Sunday, July 31, 2011

Stolen Bases

I am not, as I have mentioned before, a big fan of the stolen base as an offensive weapon, as I have mentioned from time-to-time. It feels valuable to the observer, but you have to succeed 70% of the time just to break even.

Still, it's rather fun to watch Jacoby Ellsbury climb the all-time list for the Red Sox. He is about to pass Carl Yastrzemski for 3rd place on the Sox all-time list. Ahead are Tris Speaker and Harry Hooper, both from the dead ball era when one needed something closer to a 60% rate to break even.

4 comments:

Carl said...

I trust you're planning on seeing Moneyball when it's released in September.

Michael said...

If the Yawkey Red Sox hadn't been such racists, he would still be chasing Tommy Harper!

Juan Pierre, who has been a SB demon in recent years, has the most CS in the majors this year. He is the poster child for your dislike of the SB.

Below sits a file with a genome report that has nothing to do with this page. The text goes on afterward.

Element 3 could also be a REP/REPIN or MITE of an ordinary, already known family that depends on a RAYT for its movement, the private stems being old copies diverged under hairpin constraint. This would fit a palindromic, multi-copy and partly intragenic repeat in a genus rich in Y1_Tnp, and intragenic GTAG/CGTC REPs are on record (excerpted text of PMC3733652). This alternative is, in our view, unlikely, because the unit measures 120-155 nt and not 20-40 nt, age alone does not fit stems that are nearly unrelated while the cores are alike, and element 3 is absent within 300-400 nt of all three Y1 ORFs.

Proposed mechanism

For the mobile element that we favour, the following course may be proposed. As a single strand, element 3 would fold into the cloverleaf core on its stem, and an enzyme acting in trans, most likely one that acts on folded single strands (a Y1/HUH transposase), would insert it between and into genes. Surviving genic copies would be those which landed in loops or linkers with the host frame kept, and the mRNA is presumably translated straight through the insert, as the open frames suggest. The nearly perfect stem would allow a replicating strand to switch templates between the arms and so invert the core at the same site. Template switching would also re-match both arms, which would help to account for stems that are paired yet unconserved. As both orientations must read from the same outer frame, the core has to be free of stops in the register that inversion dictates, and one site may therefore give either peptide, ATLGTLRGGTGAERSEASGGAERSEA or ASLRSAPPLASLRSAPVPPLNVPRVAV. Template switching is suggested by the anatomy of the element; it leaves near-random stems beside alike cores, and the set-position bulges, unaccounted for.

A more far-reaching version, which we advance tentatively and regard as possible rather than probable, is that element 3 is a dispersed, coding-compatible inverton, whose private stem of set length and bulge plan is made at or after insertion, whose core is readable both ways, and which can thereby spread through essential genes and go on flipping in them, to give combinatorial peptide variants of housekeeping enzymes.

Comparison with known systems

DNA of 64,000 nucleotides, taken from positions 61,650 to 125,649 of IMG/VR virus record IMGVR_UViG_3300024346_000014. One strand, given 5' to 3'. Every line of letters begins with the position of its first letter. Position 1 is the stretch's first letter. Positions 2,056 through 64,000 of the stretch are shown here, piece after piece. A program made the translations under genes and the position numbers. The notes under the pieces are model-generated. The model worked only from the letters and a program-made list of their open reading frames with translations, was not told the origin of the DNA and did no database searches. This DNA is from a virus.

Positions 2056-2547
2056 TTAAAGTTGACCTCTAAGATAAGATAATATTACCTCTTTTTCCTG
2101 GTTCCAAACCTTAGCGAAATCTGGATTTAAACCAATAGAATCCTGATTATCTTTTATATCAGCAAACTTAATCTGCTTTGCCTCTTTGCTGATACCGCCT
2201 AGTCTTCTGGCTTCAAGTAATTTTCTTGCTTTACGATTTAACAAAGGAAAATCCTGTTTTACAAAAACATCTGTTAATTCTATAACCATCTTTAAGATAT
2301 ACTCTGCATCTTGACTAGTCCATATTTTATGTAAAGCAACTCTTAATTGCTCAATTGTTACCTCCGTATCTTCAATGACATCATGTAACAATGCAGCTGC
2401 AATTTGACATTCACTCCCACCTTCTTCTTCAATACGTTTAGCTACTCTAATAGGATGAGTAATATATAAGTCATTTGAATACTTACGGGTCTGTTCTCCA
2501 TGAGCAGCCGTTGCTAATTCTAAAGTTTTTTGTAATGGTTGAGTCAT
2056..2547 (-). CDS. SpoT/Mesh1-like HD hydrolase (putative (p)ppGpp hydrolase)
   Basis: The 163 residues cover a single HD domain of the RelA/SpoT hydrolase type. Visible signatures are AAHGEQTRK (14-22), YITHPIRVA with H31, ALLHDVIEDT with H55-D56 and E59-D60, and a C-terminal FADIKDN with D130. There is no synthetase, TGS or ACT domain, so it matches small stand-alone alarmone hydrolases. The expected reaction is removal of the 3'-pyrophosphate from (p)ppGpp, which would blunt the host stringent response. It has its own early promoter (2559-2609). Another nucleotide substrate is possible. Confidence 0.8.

Justthisguy said...

Ah, but Ty Cobb, my fella Georgia boy, was a real artist at it, in a mean and nasty way. He kept a file in the dugout to sharpen his cleats and was always careful to slide in with one foot at crotch level.

In fact, I believe the last scene in the movie of his life shows him doing so.

WV: insharpe. No kiddin.

Assistant Village Idiot said...

Cobb was caught stealing a lot as well. They didn't record that statistic for about half his seasons, so it's hard to know how many. However, it looks like he got caught more than one-third of the time, which means it was only marginally worth it.

I posted on it a few years ago, that there is an illusion of how important it is for those who are watching the game. The stolen base is exciting, fun to watch. And when it succeeds, the guy is still out there, a visible reminder of the advantage. The perception of advantage stays in place much longer than the perception of disadvantage of CS. But when you are caught, you are giving up both an out and a baserunner - and enormous expense in a 3-out inning, where teams only average a baserunner and a half per inning.

We just don't see the expense as clearly, because the guy goes to the dugout and the out just becomes a little light on the scoreboard.

There is an economics lesson about opportunity cost in there as well.

My brother-in-law had his picture taken with Ty Cobb in the 1950's, BTW.